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California Court Delivers Major BYOD Ruling

August 19, 2014 by

It's not often that the court system decides to take a stand on BYOD business communications solutions. Last week, though, the California Court of Appeal delivered a ruling that is poised to have a major impact on BYOD strategies throughout the state.

CIO reported that the case, Cochran v. Schwan's Home Service, concerned the issue of whether employers need to reimburse their employees when the latter use their mobile devices for work. The court decided that the answer to this question was an unqualified "yes."

"We hold that when employees must use their personal cell phones for work-related calls, Labor Code section 2802 requires the employer to reimburse them," the ruling stated. "Whether the employees have cell phone plans with unlimited minutes or limited minutes, the reimbursement owed is a reasonable percentage of their cell phone bills."

Speaking to the news source, Young Park, principal consultant at DataHive Consulting, explained the case is now effectively decided - there's no court left to appeal to. The ruling will take effect next month.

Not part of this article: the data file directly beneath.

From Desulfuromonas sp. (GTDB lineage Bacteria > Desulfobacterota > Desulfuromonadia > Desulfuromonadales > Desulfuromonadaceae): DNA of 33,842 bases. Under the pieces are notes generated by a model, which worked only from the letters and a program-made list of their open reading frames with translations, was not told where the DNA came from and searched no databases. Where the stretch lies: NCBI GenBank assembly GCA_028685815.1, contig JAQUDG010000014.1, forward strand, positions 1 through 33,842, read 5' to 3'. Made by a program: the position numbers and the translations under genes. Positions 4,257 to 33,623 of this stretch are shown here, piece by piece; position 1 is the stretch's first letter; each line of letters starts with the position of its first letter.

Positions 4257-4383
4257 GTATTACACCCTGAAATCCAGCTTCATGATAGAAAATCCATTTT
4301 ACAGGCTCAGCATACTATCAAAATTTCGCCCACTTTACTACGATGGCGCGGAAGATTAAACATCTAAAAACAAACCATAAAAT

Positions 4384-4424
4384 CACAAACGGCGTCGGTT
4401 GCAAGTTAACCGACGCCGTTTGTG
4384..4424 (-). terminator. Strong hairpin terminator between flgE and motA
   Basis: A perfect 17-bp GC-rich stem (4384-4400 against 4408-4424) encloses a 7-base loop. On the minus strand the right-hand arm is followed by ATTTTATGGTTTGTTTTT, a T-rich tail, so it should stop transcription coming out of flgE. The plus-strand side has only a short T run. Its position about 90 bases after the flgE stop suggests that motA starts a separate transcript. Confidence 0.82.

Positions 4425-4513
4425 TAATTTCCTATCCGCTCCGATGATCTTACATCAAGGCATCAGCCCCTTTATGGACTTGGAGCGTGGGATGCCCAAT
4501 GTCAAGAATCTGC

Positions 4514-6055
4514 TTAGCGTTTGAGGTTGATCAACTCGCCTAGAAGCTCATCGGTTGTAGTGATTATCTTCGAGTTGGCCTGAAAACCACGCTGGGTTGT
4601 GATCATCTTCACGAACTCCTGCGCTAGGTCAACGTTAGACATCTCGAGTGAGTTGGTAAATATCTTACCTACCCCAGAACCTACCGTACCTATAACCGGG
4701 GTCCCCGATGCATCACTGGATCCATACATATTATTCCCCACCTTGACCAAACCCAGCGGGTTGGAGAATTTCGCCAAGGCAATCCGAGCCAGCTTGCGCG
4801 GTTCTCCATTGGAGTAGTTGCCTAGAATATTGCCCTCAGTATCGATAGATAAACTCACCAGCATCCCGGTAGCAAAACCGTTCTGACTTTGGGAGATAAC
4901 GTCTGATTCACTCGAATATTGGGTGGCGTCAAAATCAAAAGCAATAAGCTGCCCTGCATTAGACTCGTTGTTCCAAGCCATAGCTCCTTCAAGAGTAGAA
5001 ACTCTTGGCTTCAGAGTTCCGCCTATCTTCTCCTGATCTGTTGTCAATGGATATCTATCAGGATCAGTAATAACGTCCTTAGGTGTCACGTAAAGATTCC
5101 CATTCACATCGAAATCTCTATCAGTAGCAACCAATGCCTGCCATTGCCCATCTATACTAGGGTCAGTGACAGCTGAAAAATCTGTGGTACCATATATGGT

BYOD Impact

This ruling will likely have a major impact on how companies approach BYOD going forward. At the very least, organizations will need to review and revise their policies in this area. The fact that BYOD may now cost businesses a significant amount of money will undoubtedly cause many affected organizations to question the value of this approach. But the new expenses should still not outweigh the benefits of BYOD.

Ambiguity Remains

Further complicating the issue is the fact the ruling leaves a tremendous amount of ambiguity. Most notably, the decision only concerns the cost of telephone calls in BYOD environments - data transactions and app use remained uncommented upon by the California courts. The news source noted that these two areas account for most of the costs involving BYOD, not actual phone calls themselves.

If later rulings clarify that data transactions and apps are not affected by this decision, then the impact on BYOD's viability may actually prove relatively minor.

In any case, there is no question that California-based companies need to take immediate steps to modify their approach to BYOD in light of this ruling. To ensure compliance and maximize value, it will be wise - or even essential - for these firms to partner with reputable collaboration solutions service providers.

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